DT 26708 – Big Dave's Crossword Blog
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DT 26708

Daily Telegraph Cryptic No 26708

A full review by gnomethang

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BD Rating –Difficulty ***Enjoyment ***

Morning All!. Last Saturday’s puzzle marked the 25th Anniversary of the first puzzle published in the Daily Telegraph by Cephas, a.k.a. Peter Chamberlain. In retrospect this means that I have probably solved more of his puzzles than any other setter’s. His style is very recognisable and sits well with the ‘Prize Puzzle’ ethos in the Telegraph being consistent, enjoyable, sometimes tricky but never absolutely fiendish in style (although he often sets harder puzzles in the Toughie). This puzzle was pretty much archetypal in this regard.

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1a           Impose legal constraint on nuisance with past (4,4)
BIND OVER – One possible outcome from a court case is to be BOUND OVER to keep the peace. A nuisance is a BIND and (with ) OVER (past) gives the wordplay. The whole surface reading nicely identifies the treatment for the previous pest!

5a           Think about returning beyond Atlantic? (6)
PONDER – The definition is ‘think’ and not ‘think about’. The Atlantic Ocean is known as the POND and add the reversal (returning) of RE: (about) afterwards.

8a           Support the Continental drive (6)
PROPEL – A charade of PROP (support) and EL (The in Spanish i.e. THE “Continental”). The definition is ‘drive’.

9a           Slowcoach gently coming into land (8)
TERRAPIN – Place P (Piano – softly or gently in musical notation) inside TERRAIN (land) to get a slow moving aquatic tortoise (sort of!).

10a         Humiliation as large number now drunkenly collapse (8)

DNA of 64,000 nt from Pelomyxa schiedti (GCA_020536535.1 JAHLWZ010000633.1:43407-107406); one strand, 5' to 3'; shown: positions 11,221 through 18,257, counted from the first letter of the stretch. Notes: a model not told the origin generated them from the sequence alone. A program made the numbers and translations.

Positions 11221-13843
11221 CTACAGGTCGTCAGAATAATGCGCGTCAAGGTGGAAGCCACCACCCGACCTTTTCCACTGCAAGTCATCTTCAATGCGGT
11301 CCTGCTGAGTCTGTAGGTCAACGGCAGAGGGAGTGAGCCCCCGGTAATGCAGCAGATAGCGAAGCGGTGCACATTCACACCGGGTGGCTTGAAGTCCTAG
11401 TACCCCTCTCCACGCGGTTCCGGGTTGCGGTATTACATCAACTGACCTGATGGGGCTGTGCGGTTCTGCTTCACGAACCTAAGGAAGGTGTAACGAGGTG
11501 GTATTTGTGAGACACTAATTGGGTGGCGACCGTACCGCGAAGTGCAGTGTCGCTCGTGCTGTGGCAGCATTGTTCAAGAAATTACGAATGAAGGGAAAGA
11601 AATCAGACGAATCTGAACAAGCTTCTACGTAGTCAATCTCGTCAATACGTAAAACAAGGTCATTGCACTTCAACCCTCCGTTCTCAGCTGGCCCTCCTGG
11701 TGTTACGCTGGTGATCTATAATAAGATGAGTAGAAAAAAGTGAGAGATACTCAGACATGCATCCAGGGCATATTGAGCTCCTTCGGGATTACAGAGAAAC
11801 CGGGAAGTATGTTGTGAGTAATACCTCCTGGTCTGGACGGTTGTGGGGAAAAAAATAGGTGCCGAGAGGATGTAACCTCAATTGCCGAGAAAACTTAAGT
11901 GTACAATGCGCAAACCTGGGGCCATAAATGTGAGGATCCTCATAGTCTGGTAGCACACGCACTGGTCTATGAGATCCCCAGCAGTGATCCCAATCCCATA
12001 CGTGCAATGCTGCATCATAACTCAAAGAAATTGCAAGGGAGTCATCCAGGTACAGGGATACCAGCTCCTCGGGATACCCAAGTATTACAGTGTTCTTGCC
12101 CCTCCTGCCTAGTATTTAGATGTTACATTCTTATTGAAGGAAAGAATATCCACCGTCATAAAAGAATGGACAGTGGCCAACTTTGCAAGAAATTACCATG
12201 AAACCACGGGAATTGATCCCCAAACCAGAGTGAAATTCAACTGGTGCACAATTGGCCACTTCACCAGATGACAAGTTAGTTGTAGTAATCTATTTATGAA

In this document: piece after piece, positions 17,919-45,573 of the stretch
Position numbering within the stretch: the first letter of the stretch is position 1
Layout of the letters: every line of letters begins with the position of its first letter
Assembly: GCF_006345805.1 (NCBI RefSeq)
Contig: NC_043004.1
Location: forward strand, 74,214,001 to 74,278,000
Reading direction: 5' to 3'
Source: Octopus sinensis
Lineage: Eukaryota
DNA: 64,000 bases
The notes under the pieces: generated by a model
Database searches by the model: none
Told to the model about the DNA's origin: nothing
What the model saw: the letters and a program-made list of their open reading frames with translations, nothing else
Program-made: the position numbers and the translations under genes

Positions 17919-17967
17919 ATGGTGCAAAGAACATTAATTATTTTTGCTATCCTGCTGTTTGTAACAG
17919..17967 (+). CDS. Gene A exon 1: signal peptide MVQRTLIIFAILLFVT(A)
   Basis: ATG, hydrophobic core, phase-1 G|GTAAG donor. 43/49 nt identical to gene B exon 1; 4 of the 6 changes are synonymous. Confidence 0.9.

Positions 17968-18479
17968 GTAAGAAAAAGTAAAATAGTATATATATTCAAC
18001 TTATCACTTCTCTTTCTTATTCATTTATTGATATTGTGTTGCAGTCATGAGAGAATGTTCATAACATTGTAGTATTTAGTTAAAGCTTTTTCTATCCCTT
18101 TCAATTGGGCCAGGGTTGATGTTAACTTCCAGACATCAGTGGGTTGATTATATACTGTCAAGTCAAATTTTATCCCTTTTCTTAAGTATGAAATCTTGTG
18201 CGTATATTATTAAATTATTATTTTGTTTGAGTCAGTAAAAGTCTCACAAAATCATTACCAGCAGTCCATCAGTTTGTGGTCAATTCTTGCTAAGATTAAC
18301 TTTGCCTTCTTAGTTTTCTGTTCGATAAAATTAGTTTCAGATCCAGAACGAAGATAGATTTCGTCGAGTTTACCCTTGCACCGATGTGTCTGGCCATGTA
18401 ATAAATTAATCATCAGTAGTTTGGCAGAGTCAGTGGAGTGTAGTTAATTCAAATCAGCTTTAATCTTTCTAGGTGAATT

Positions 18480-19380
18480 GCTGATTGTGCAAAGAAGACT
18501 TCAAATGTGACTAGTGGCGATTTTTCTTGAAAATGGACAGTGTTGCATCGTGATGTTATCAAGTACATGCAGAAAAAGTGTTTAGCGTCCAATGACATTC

DOWNFALL – Start with D (500 in Roman Numerals – A large number) then add a drunken anagram of NOW before adding FALL (collapse). The definition is ‘humiliation’.

11a         Amount spent is better with no pence (6)
OUTLAY – Remove the P (no pence) from OUTPLAY (better) to get a total of the amount spent.

12a         Fellow going round Vauxhall maybe with pair of spectacles gets the biscuit (8)
MACAROON – A sweet coconut biscuit. Place MAN (fellow) around CAR (a Vauxhall indicated by example with ‘maybe’ and also OO for a pair of spectacles. The latter refers to a batsmen in cricket scoring a duck (Nil, Love, O) in both innings. The standard notation for this is 0-0 which looks like a pair of spectacles. Hence a batsmen ‘copped a pair’.

13a         Put down membership fee briefly owing (6)
SUBDUE – To put down or quell an uprising. Take SUB (the short version, briefly, of SUBSCRIPTIONS) and add DUE (owing or outstanding).

15a         Caught non-drinker entering requirement (6)
NETTED – A TT (teetotaller) inside NEED (requirement) is also a verb meaning caught.

18a         Speculate in article where you’ll see love grow (8)
THEORISE – To speculate or make predictions. Place O (love) and RISE (grow) inside THE the definite article.

20a         A doctor and I are in Georgia, the country (6)
GAMBIA – This country is in Africa not Europe. We need A + MB (an abbreviation for a doctor)and then I inside GA – the abbreviation for the US State of Georgia, not the European country.

21a         Approved but pleased not to start (8)
RATIFIED – GRATIFIED (pleased) without its first letter (not to start) is also a verb meaning ‘approved’

23a         Deconstruct USA — or sue philosopher (8)
ROUSSEAU – This is actually a word worth remembering. Jean-Jacques ROUSSEAU was an 18th Century philosopher and he is created from an anagram, indicated by ‘deconstruct’, of USA OR SUE. The interesting thing is that he is often used in conjunction with TROUSSEAU – the bride’s paraphernalia, and quite often mistaken for the attractive actress René Rouseeau (Quod Definitely Videt!)

24a         Mark of prestige for many a revolutionary before end of riot (6)